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Five days in the desert

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In this March 17, 2017, aerial photo released by the Arizona Department of Public Safety, Amber Vanhecke vehicle is shown near the Grand Canyon in Arizona wilth HELP spelled out with white rocks on the right, as seen from the agency's helicopter. In this March 17, 2017, aerial photo released by the Arizona Department of Public Safety, Amber Vanhecke vehicle is shown near the Grand Canyon in Arizona wilth HELP spelled out with white rocks on the right, as seen from the agency's helicopter. (Photo courtesy of Arizona Department of Public Safety via AP)

College student rescued after lengthy ordeal

“The reality broke over me. I was free. I was getting out and didn’t have to spend one more night in the desert. I was just crying and my heart lifted,” 24-year old University of North Texas college student Amber Vanhecke told me during an interview about her dramatic rescue from her five hellish days and nights spent stranded in the desert near the Grand Canyon. 

Vanhecke says she left Denton, Texas, for a spring break road trip to the Grand Canyon on March 10. She shared photos of her packed car on Facebook and set her coordinates for Arizona.

The first 48 hours of Vanhecke’s solo adventure went mostly as planned and it wasn’t until she typed “Havasu Falls Trail Head” into Google Maps, which led her to a non-existent road, that her nightmare began.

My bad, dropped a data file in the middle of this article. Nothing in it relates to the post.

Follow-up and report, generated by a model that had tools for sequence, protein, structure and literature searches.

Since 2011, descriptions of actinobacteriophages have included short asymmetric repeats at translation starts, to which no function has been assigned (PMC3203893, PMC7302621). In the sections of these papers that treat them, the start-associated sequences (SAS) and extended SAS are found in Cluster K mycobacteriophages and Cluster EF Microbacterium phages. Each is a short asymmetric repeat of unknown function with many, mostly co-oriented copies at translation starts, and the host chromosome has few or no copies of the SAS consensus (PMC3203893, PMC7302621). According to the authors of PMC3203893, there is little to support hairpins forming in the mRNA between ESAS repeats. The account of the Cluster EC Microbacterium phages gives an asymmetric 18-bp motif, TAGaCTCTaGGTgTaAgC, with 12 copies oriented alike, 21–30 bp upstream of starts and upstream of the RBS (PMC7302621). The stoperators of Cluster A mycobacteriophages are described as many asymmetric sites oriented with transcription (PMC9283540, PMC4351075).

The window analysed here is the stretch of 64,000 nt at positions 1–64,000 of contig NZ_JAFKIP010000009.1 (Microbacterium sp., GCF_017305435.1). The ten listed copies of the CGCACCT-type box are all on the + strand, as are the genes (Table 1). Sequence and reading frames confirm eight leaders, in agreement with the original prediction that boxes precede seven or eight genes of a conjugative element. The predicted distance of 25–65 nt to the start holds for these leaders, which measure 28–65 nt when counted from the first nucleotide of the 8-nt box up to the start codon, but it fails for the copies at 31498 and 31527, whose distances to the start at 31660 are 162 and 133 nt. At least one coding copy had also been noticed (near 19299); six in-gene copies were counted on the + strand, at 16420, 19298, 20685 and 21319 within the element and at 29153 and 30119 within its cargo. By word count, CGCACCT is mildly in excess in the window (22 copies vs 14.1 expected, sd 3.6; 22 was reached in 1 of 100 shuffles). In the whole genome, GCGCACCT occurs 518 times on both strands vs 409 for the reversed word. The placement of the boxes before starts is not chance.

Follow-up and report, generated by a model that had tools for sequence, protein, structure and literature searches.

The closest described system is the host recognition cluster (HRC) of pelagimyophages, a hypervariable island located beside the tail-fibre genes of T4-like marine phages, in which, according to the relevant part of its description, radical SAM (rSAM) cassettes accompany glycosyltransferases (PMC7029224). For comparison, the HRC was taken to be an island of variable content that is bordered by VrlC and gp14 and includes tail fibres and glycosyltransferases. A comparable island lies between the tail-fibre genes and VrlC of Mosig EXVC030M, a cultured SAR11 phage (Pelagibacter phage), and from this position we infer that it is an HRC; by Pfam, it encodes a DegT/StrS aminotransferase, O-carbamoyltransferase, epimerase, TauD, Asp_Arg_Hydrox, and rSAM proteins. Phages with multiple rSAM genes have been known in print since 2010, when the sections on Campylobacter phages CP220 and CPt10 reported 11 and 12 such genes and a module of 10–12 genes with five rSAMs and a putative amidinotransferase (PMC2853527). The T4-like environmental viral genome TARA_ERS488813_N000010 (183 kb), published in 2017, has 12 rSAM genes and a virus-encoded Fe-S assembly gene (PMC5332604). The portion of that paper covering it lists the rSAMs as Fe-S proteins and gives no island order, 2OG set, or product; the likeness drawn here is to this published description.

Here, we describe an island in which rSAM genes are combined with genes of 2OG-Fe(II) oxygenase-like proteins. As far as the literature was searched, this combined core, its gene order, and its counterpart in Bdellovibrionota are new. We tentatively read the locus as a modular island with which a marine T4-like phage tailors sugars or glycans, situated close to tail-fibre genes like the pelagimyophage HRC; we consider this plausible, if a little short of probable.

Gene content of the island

At that point, Vanhecke says her car was “70 miles to empty” and according to Google, she would be on this road for 40 miles until meeting the next highway. There, she figured she would gas up and get some food. 35 miles in, Google told her to turn right on what appeared to be a washed-out dirt road.  She panicked as nightfall approached, turned around to find the correct road, and discovered she was nearly out of fuel. “It was zero to empty,” she said. 

The young student says she then called 911 in an attempt to reach someone about her situation. “I was in panic mode and flipping out. The male dispatch said ‘What is the nature of your emergency?’ and all I could manage to say was ‘please help me’ before the call dropped,” she said.

With no GPS or cell signal, she decided to park her vehicle next to the first man-made structure she could find and wait until daylight. She found what appeared to be an old rusted water reservoir and parked her car. 

While alone in the desert, Vanhecke says she frequently saw prairie dogs playing or foraging for food, and she began to think of them as friends. At this point, she figured she had enough water and trail mix to last 5 to 7 days. She passed the time by writing in her journal and reading. 

“I’ve always been a big reader,” she says. “I read about 128 books last year so reading definitely helped me. The stars were so bright and the moon was full or near-full so there was quite a bit of light at night.” 

On occasion, Vanhecke says, she heard what she thought were helicopters but she couldn’t see them. She had to try to send them a message.